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Function Monotone on Some Interval

  1. Oct 15, 2005 #1
    I need the following proposition in order to prove another theorem, and I can't seen to find it in my textbook. Any hints on how to proceed, or whether it's actually TRUE, would be helpful.

    "If f is defined and continuous on some interval I, then there exists subintervals I'=[x-a,x+b], for some real numbers a and b, at every point x in I such that f is monotone on I'."
     
    Last edited by a moderator: Oct 15, 2005
  2. jcsd
  3. Oct 15, 2005 #2

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    I don't think that's true. Consider the function:

    [tex]f(x)=\left\{\begin{array}{cc}x \mbox{ sin}(\frac{1}{x}),&\mbox{ if } x \neq 0\\0,&\mbox{ if } x=0\end{array}[/tex]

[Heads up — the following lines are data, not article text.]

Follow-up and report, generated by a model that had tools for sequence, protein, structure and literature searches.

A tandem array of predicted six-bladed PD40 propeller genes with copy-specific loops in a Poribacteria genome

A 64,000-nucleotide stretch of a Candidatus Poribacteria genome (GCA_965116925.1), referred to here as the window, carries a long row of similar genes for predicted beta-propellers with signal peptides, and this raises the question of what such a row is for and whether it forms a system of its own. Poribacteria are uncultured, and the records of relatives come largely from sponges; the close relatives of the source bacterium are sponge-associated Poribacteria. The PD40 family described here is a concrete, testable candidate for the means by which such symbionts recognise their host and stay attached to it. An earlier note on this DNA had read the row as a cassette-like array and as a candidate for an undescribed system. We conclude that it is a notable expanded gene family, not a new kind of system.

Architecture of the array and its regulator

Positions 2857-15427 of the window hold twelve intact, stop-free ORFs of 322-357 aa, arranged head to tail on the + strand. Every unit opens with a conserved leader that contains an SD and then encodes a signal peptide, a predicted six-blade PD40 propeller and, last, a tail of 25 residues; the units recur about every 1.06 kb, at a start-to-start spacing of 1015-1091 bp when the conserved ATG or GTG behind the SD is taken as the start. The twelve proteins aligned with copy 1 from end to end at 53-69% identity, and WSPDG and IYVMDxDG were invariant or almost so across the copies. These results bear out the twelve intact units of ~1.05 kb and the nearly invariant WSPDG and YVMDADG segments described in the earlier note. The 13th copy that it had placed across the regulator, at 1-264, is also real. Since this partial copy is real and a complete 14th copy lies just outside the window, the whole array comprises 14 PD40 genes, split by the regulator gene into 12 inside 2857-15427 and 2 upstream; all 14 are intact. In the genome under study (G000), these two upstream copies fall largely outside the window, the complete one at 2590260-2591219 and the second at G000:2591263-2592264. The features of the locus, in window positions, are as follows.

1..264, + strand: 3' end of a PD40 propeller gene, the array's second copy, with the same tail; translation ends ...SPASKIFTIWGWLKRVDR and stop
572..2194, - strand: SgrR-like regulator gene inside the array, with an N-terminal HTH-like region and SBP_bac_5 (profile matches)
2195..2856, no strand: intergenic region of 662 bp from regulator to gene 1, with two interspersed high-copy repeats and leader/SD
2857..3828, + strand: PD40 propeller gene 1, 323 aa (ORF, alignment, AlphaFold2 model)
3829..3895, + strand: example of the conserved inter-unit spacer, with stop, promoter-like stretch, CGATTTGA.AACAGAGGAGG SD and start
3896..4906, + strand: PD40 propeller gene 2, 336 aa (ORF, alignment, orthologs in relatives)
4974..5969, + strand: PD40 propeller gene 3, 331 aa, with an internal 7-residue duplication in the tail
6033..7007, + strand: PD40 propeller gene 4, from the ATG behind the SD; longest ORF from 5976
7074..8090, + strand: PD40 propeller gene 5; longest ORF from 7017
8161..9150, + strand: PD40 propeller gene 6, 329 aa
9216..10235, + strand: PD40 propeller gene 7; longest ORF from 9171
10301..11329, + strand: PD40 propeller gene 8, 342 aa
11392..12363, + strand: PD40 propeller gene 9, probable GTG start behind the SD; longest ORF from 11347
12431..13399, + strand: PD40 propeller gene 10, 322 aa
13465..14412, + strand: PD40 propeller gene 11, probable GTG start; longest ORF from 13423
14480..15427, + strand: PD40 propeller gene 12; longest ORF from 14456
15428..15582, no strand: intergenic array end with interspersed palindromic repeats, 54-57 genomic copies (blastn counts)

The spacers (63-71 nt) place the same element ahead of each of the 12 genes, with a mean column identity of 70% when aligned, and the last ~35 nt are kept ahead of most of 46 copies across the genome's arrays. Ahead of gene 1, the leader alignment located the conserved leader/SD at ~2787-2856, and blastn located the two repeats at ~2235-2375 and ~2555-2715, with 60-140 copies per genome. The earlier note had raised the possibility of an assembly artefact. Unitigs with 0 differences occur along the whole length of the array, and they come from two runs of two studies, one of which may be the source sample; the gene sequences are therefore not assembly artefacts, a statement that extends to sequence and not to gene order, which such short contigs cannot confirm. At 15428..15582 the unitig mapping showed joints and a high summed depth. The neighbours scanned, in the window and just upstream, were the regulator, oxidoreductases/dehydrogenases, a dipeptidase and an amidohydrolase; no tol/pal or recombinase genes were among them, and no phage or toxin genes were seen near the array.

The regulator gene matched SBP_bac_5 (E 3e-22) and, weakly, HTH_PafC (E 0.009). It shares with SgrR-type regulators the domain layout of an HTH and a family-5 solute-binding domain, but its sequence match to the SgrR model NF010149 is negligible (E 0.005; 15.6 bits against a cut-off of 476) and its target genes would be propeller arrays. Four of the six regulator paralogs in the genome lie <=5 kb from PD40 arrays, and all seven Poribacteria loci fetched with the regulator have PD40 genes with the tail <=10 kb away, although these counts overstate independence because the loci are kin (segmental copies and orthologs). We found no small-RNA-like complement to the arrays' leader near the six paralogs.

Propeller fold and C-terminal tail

This is continuous, but is not monotone on any interval containing 0.
     
    Last edited: Oct 15, 2005
  4. Oct 15, 2005 #3
    Ok, I've changed my approach. What about:

    "If f is defined and continuous on an interval I and c is in I such that f(c)>0, then there exists an interval I' in I where c is in I' such that f(x)>0 for every x in I'."
     
    Last edited by a moderator: Oct 15, 2005
  5. Oct 15, 2005 #4

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    That's true. Just use the epsilon delta definition of continuity, taking delta as f(c).
     
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